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Before you File
Best of Business 2011
In the Zone
The Business of Intelligence
When Opportunity Knocks
Despite the success his previous company, Omniture, enjoyed and the achievements he helped it realize as its CEO, Josh James faced a frustration many similar executives face every day—lack of immediate access to company information.
It was, perhaps, the biggest challenge he faced at Omniture, the Utah County company that Adobe Systems acquired in late 2009. So James left the company nine months later and set out to solve that problem through a new venture: Domo Technologies, Inc., a company that is poised to change the landscape of the business intelligence world.
Simply put, Domo is designed to give execs the information they need immediately, at their fingertips, with a simple push of a button.
“Running Omniture, I was challenged to get all the information I needed in a timely manner and in a format I wanted,” James says. “If I wanted to know how many employees we had in a sector, or cash balances, or customer feedback, or sales projections, I had to call someone else to get that information every single time. Once a month, I got a combined report with all that data, but only on that one day a month. I knew there had to be a better way to go about this.”
This past summer, James introduced Domo, which is the Japanese word for “thank you.” Utilizing the cloud, information is gathered, analyzed and made available on demand to execs through either a web browser or a mobile device like an iPad or iPhone. The delivery is immediate, and the process revolutionary.
So, why hasn’t someone thought of it before?
“I asked myself the same question,” James says. “Everyone has known that the problem has existed, but frankly, without the cloud being around, we’ve been sticking giant amounts of data into databanks and been satisfied with that. It seemed like about 98 percent of the market was being ignored and only 2 percent were able to get the information more often than just once a month.”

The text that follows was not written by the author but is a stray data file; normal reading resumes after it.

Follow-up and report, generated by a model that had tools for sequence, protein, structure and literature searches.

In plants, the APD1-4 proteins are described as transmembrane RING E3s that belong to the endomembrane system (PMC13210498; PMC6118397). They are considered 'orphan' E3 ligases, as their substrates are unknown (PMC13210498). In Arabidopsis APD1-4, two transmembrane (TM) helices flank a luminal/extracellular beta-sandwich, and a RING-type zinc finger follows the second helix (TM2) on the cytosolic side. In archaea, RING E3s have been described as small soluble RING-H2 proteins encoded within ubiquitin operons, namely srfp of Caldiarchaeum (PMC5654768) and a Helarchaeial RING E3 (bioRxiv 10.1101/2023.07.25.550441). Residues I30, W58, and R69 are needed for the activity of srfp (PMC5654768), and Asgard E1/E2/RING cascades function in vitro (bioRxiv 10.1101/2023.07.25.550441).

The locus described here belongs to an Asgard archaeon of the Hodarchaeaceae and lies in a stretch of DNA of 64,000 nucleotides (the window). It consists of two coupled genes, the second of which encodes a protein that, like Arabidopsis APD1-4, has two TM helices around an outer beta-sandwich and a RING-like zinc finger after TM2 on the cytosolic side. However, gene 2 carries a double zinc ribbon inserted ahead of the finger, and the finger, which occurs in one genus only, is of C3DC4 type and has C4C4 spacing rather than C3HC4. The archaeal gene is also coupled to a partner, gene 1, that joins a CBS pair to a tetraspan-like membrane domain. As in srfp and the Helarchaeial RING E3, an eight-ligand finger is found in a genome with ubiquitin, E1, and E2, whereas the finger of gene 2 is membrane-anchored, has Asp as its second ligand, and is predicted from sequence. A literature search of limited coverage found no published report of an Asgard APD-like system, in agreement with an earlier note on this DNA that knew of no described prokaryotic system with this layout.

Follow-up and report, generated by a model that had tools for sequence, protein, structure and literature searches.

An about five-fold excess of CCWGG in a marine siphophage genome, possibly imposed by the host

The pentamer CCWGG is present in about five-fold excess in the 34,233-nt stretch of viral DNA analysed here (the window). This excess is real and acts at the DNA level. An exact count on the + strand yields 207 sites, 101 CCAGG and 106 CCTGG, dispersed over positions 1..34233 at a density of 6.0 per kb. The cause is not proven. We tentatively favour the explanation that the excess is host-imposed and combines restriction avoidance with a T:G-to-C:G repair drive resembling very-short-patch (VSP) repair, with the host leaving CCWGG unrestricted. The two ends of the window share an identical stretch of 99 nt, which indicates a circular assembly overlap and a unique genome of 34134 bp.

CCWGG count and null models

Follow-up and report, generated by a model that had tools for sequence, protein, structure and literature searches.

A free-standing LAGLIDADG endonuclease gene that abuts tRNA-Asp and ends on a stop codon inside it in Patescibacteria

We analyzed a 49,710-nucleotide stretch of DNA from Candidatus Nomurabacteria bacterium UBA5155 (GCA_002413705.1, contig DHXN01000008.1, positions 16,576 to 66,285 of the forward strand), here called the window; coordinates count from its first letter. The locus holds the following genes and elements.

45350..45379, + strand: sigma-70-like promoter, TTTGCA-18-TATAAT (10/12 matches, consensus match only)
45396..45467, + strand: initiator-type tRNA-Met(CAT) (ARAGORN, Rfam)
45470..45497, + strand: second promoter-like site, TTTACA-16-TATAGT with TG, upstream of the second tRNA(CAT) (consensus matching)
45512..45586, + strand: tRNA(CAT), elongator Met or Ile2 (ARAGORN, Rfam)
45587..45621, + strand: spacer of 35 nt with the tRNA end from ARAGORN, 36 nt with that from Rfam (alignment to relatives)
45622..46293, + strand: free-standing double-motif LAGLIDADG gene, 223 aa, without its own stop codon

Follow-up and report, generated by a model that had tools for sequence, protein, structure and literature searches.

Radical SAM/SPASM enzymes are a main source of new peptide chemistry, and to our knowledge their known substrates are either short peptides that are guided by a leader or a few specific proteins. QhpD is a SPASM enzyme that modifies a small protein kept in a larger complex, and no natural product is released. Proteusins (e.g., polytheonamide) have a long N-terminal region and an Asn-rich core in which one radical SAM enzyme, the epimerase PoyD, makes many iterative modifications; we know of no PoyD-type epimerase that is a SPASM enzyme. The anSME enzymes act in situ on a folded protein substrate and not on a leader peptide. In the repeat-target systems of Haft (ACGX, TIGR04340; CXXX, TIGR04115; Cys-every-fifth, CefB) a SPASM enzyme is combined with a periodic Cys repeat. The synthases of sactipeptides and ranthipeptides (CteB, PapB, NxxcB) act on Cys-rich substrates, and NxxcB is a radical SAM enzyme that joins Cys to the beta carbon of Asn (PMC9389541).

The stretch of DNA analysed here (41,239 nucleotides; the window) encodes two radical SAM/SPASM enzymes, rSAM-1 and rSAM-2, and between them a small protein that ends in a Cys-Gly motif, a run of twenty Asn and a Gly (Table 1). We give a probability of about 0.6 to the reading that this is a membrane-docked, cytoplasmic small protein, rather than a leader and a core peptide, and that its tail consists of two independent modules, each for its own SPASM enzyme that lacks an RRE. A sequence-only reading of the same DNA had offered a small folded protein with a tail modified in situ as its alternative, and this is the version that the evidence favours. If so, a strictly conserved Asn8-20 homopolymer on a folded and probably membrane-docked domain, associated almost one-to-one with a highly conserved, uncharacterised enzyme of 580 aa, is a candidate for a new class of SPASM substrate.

James put together a business plan, bought Corda Technologies (a company also looking at trying to develop a solution to the business intelligence challenge), and raised money—over $40 million in funding—to kick start Domo. He also studied the market and the competition, and formulated a roadmap to enter into a business intelligence software sector that has an estimated $10 billion in annual sales.
“I also turned to the talent I knew we had right here in Utah,” he says. “I’ve worked with intelligent, amazing people who I wanted to bring to our team. They’ve developed our technology system at Domo.”
The reception to Domo’s concept has been overwhelmingly positive.
“Anyone we’ve showed this to—their mouths have been dropping,” James says with a smile. “Executives have data in their companies that they haven’t been able to readily get to until now. Certainly everyone is interested and excited about this.”
Still in its infancy, and with James planning a huge rollout of the Domo product in the first quarter of 2012, the company already has more than 100 clients using its services. James says the product that comes to market next year will be even stronger than the current model, though those using Domo right now include Nissan, Comcast, Prudential, Merrill Lynch, AT&T, and Disney Parks and Resorts.
“Customers who use our product love the fact that they can get information they can leverage immediately while making decisions,” he says. “We’re focused on much more than just technology here. We are focused on building it, selling it, servicing it and putting it all together in an application that customers want to use.”
With Domo, James heads a company that he says is “not encumbered by legacy thinking. Our creativity and aspirations are not bound or limited by our resources. We can move at a speed that is very uncommon.”
Eventually, James expects Domo to have about 120 employees, with at least one-third to perhaps one-half of them engineers. Client services and customer-facing roles will also be an important component. And of course, James will also be prepared for the ever-changing tech world.
“I love the way technology evolves,” he says. “When you look at all great companies, you find that a lot of times, they are limited by their own imaginations. That won’t happen here. We have a team with great experience and great ambition. Providing the system from which executives can have real-time information and make real-time decisions—that’s what we do.”
And James says he’s not focused on customer count or revenue numbers. His dream for Domo goes far beyond that.
“I want to do for business intelligence what the iPod has done for listening to music—so that it’s an experience that everyone can benefit from and wants to talk about.”